Coram noted that the patient was a young woman and in primi gravida (first pregnancy). She, after delivery, for her sufferings ran from pillar to post to various hospitals in Raipur and Mumbai.

While concluding the matter, the Commission held that, the patient developed 4th-degree perineal tear after forceps delivery, which squarely attributed to the failure of duty of care, thus, medical negligence. Also, she did not get post-partum care as per accepted reasonable standards.

Therefore, State Commission’s order was affirmed. [ Dr Vartika Mishra v. Rachana Agrawal, FA No. 948 of 2015, decided on 25-2-2022]


Advocates before the Court:

Appeared at the time of arguments through Video Conferencing

For the Appellant : Mr. Vaibhav Agnihotri, Advocate Mr. Dhruv Chawla, Advocate

For the Respondents : Mr. Mohammad Sajid, Advocate

Bombay High Court
Case BriefsHigh Courts

Bombay High Court: While addressing a matter, wherein the accused who was a doctor charged for raping a minor stated that there was not any proof that the girl ever conceived or had undergone any abortion, M.G. Sewlikar, J., expressed that, Medical science is so advanced that now a days past pregnancy also can be determined on the basis of changes in the body of a woman on account of pregnancy.

An order of the Special Court (POCSO) had been challenged whereby the application for discharge came to be rejected by the Special Court.

Factual Matrix

Informant aged 17 years got acquainted with accused who was residing in the area of Christ Church and friendship blossomed into love. The accused promised to marry her and later called her to his house and demanded sexual favour from her.

In view of the promise of marriage, the informant consented to sexual intercourse and the said act was repeated multiple times. In fact, every time she consented to sexual intercourse only for the reason that the accused had promised to marry her. Later, she realized that she was pregnant.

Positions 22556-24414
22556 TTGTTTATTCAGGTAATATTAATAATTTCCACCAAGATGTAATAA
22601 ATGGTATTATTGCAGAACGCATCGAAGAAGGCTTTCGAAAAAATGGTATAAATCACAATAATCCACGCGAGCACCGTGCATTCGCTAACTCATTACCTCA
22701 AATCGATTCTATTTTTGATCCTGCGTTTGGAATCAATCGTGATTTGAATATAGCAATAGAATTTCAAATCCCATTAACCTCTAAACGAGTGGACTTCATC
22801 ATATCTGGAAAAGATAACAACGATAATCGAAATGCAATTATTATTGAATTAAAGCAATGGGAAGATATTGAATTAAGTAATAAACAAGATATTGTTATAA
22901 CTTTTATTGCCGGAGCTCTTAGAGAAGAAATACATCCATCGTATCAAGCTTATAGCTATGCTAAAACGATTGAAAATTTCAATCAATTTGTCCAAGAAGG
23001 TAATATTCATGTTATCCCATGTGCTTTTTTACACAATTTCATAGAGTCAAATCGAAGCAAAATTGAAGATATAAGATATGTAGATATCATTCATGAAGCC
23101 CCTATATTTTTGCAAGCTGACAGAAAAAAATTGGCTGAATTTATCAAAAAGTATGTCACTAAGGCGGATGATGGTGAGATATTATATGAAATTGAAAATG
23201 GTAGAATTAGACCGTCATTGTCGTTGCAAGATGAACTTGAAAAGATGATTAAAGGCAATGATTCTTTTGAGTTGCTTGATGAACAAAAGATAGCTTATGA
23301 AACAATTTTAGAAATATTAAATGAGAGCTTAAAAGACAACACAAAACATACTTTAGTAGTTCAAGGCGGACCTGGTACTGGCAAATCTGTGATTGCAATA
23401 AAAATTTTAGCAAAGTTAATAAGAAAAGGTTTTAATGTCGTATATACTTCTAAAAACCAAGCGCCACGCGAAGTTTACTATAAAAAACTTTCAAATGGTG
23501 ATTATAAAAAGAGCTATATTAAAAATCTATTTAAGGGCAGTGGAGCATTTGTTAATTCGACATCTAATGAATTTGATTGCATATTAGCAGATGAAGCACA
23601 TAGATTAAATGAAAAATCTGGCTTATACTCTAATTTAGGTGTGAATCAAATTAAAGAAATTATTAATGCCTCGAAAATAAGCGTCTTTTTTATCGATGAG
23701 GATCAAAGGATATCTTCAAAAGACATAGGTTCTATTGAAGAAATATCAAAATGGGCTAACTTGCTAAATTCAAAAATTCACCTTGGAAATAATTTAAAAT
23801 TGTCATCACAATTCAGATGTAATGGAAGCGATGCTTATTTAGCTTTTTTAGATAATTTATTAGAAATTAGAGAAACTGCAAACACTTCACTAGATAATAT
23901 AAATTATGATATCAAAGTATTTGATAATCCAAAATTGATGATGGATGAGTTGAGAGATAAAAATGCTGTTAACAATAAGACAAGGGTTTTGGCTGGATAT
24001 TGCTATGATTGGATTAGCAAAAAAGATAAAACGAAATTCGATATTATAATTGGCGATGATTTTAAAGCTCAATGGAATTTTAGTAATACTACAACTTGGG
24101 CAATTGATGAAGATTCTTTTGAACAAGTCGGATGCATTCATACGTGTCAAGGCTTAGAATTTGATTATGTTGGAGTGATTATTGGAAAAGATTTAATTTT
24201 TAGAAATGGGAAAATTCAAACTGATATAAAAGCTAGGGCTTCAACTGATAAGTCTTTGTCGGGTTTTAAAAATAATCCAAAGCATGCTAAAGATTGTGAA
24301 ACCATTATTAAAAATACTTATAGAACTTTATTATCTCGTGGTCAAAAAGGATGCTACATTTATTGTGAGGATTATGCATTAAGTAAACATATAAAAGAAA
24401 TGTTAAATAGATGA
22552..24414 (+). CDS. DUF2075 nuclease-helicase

When the mother of the informant realized that the applicant was pregnant, she aborted her foetus and on the said allegations, an FIR against the applicant and accused was filed.

Analysis and Decision

High Court noted that under Section 227 of the Code of Criminal procedure a duty is cast on the Judge to apply his mind to the material on record and if on examination of the record, he does not find sufficient ground for proceedings against the accused he must discharge the accused.

“For framing charge mere suspicion is not enough.”

The applicant is accused of committing offence under Sections 315 and 316 of the Penal Code, 1860.

Ingredients of Section 315 of the IPC are as under:

(i) Woman must be pregnant.

(ii) Before the birth of any child the accused does any act

with the intention of preventing that child from being born alive or causing it to die after its birth.

(iii) Such act must not be done in good faith for the purpose of saving the life of the mother.

In terms of Section 316 IPC such an act is treated as amounting to culpable homicide.

The applicant was Doctor by profession and according to him he was a Child Specialist and possessed the certificate under the Bombay Nursing Home Registration Act, 1949 authorizing him to run a nursing and maternity home.

Therefore, trial court was justified in holding that the applicant was authorized to run a nursing home and maternity home.

As per the record of medical examination, the hymen of the victim was ruptured.

The Bench also noted that the past pregnancy can be determined on account of permanent changes in the body of a woman, in fact the mother of the victim stated that she was pregnant of six months.